5 years ago1,000+ Views
In 1956, President Eisenhower signed a law that changed the national motto of the United States from "E Pluribus Unum" to "In God We Trust" The change was uncontroversial at the time, and largely prompted by the cold war. There are some constitutional questions though, because the First Amendment emphasizes separation of church and state. Personally I think that E Pluribus Unum (From Many, One) is a way better motto. As an atheist, I feel excluded by the current motto. Also, shouldn't we be emphasizing our roots as a people united in control of our fate? To me, "In God We Trust" sounds like its taking control away from the people, and very un-democratic.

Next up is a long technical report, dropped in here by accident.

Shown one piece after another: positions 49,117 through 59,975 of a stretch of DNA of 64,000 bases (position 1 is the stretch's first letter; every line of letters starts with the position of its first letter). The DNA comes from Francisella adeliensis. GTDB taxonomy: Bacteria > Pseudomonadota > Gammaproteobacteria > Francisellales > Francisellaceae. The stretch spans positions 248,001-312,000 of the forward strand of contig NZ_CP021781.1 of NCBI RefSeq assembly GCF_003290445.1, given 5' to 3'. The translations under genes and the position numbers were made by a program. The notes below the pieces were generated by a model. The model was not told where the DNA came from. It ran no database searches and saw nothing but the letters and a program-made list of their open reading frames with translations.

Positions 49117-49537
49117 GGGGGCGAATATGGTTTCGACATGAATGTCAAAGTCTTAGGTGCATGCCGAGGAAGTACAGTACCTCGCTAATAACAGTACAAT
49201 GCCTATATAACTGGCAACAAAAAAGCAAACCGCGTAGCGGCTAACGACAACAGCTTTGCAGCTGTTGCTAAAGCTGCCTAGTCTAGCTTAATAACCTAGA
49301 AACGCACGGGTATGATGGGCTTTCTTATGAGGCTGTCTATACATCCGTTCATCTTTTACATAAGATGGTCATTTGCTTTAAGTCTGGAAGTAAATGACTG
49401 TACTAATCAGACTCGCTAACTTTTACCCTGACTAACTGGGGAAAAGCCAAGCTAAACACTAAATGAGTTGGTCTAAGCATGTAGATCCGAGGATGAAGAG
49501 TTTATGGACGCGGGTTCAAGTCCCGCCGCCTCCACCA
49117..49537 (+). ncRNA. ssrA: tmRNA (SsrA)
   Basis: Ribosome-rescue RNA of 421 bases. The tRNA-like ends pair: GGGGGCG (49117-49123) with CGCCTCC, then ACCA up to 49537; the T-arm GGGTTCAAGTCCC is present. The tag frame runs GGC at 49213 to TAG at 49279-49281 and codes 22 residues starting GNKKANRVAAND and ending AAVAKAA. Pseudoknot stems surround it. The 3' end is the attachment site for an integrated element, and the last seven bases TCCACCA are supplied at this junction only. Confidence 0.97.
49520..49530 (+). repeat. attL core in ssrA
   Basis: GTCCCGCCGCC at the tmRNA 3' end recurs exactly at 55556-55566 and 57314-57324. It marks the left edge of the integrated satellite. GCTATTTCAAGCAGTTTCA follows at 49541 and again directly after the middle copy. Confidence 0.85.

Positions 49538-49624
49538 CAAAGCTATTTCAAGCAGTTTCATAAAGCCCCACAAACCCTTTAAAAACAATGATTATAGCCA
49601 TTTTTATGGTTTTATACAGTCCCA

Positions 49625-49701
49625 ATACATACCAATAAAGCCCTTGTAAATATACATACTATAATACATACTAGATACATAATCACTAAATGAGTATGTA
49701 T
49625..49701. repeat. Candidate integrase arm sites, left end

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I never have liked that "In God We Trust." It never made sense to me as a nation that is supposed to have a clear line drawn between church and state. It seems that there are politicians and people who firmly believe that it was always meant to be that way and the U.S. is a Christian country, regardless of what others believe.
Yeah I agree, we should have (in my opinion) complete separation. Check out this white house response to the petition to change the motto back.
@curtisb ... ... ... Why am I not surprised?
I wish people would truly understand not only the Constitution, but the men who actually wrote it. They were Christian in the most loosest sense. They weren't even that religious. Well, not the ones that mattered, but In God We Trust should have never been the country's motto. We don't have a set religion for a reason.
Guys, if nothing else we shouldn't have changed the motto in 1956! It was fine for the first few hundred years!!